Our usual test data shows the Adler’s performance as a conventional twin-diesel motoryacht, with no assistance from the electric motors. What it doesn’t show is how Adler’s hybrid system cleverly takes its cue from your inputs on the throttle levers, and supplies whatever is needed to produce the speed that you demand.

When we left the crowded harbor in Cannes, we were on battery power only, with which the Adler can cruise at 8 knots for up to an hour. As we ghosted in utter silence among the noisy chaos of show traffic and headed for the harbor mouth, the colorful graphic on the helm screen showed what was happening both visually and digitally: 5.8 knots, using 40 kilowatts, 20 from each electric motor. Once in less congested water, the picture changed with a gentle nudge forward on the throttles. One diesel started up and ran at 600 rpm with both electric motors still producing 20 kilowatts. Our speed increased to 7.6 knots.

As we cleared the harbor wall, turning south around the Vieux Port’s cheerful striped lighthouse, another push of the throttles woke the other diesel up. The screen’s graphic now showed us making 11.4 knots with both Caterpillars running at 1200 rpm and burning 11.9 gallons per hour of diesel between them, while the electric motors were now producing 80 kilowatts apiece. With the bow pointing at open water, we accelerated again: 13, 15, 17 knots, up the rev range on the diesels, with the electric motors continuing at 80 kilowatts each, until at 19 knots and 1850 rpm they cut out and the boat transitioned seamlessly to pure diesel mode and accelerated to maximum speed.

There is a “boost” mode, where you can augment maximum engine speed with maximum electric power and gain an extra knot or two, but it hardly seems necessary. As a conventional diesel motoryacht, the Adler handles and performs in exactly the way you would expect. Acceleration is steady and helm response is precise. An incisive stem and fine entry do an excellent job of slicing through head seas, and the boat felt reassuringly solid under way. With neither fins nor gyros fitted, we were curious to test the yacht’s stability by edging beam-to of its own wake. In spite of all the top hamper that comes with modern motoryacht design, there was surprisingly little roll—possibly because of all those batteries way down low on the centerline.

Carlo Nuvolari and Dan Lenard designed both the interior and exterior of the yacht, and this salon seating area shows the benefits of a calming palette.

We pulled back on the throttles and the Adler eased off plane and settled into displacement mode, just like any other competent 76-foot motoryacht. A glance at the screen showed that the hybrid system had brought the electric motors back online. One diesel slowed to idle and then shut down, and the yacht slipped seamlessly into hybrid mode.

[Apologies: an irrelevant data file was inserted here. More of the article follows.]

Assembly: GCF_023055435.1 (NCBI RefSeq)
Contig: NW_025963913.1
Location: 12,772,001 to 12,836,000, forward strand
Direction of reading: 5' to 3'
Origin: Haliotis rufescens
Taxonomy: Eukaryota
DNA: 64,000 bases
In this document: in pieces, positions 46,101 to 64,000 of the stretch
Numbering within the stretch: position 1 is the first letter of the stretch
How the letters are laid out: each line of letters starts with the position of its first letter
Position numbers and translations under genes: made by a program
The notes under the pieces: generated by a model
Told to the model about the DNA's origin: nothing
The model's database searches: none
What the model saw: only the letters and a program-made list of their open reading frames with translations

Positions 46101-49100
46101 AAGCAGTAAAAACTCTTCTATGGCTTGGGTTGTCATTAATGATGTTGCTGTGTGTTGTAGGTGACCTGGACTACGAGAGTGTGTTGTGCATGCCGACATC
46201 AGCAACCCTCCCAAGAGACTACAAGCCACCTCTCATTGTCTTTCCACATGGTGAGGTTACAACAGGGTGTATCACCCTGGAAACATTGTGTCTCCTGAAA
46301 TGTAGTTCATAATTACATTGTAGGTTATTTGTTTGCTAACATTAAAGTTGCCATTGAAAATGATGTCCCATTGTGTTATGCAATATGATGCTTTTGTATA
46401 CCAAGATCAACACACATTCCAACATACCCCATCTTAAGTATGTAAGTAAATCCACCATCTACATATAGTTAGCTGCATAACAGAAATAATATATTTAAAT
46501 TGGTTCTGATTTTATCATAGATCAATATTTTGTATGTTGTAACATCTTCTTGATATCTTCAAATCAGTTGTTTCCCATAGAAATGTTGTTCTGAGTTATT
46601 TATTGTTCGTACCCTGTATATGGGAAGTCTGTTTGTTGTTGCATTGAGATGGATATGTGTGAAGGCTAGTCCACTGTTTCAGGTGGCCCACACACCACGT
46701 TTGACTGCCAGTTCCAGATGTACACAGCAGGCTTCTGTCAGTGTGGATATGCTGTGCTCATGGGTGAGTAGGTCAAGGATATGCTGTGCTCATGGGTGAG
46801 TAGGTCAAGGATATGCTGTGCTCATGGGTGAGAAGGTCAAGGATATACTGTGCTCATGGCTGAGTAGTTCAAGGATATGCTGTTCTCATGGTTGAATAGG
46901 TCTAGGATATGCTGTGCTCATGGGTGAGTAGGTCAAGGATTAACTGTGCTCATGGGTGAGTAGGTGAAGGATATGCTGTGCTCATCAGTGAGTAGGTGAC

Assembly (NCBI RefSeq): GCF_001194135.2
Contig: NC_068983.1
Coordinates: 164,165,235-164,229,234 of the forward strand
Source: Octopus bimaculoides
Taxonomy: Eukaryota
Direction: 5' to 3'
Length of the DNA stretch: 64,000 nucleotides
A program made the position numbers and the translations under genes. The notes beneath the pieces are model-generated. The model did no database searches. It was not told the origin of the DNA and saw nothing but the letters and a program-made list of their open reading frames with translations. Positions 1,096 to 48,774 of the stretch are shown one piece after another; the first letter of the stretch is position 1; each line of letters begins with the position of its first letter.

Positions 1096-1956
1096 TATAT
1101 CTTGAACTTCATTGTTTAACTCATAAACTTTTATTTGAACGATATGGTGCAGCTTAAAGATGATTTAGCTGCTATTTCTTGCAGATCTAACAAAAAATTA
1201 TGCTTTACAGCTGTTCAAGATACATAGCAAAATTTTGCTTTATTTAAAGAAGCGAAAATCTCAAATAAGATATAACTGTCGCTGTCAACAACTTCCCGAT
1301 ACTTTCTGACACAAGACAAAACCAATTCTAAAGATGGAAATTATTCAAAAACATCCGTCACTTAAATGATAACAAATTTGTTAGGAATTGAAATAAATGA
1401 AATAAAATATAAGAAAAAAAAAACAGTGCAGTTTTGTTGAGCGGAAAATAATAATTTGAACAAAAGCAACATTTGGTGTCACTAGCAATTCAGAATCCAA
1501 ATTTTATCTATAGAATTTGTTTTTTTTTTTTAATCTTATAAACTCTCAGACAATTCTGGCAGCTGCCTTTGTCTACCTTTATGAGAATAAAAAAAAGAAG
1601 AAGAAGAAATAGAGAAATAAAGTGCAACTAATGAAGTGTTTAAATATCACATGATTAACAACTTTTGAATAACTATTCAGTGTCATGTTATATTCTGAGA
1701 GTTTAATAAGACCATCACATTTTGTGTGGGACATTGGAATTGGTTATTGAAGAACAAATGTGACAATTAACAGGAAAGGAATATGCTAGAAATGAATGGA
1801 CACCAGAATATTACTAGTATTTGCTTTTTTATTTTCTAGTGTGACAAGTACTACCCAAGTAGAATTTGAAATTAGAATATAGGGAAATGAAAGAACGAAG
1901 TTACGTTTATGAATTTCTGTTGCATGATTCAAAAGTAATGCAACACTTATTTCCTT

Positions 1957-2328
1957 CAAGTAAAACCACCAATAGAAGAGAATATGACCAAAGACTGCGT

According to Adler, this was the Suprema at its most fuel-efficient. One diesel engine operating at 800 rpm was spinning one propeller shaft, while that shaft’s electric motor simultaneously ran as a generator. This provided the power for the other electric motor, which spun the other prop shaft. In this mode the yacht was cruising at 8 knots, burning around 3 gallons per hour, and therefore had a cruising range, allowing our usual 10 percent reserve, of around 3,300 nautical miles.

The Suprema 76 is complicated, but it works. The cleverest thing about its remarkable propulsion system is how simple it is: The boat just monitors your demand for speed and decides how best to deliver it. If you aren’t looking at the screens, you don’t know what’s happening in the engine room. And you don’t need to know—so you’re free to get on with enjoying your boat. And that’s probably the cleverest thing of all. 

The Test

Test Conditions: Air temperature: 68°F; humidity 57%; seas: 1-2’; wind: 5-10 knots.
Load: 16 persons.

Adler 76 Suprema — Final Boat Test Numbers:






















Speeds are two-way averages measured w/GPS. GPH taken via Caterpillar display. Range is 90% of advertised fuel capacity. Sound levels measured at the lower helm. 65 dB(A) is the level of normal conversation.


LOA: 75'10"
BEAM: 19'10"
DRAFT: 5'9"
DISPL.: 108,025 lb. (dry)
FUEL: 1,374 gal.
WATER: 232 gal.
TEST POWER: 2/1,150-hp Caterpillar C18, each coupled to both conventional prop shafts at 3:1 reduction ratio, and to combined electric motors/generators and magnetic clutch
PRICE: $3,870,000

Adler Yachts, +41 41 729 39 48;

This article originally appeared in the January 2018 issue of Power & Motoryacht magazine.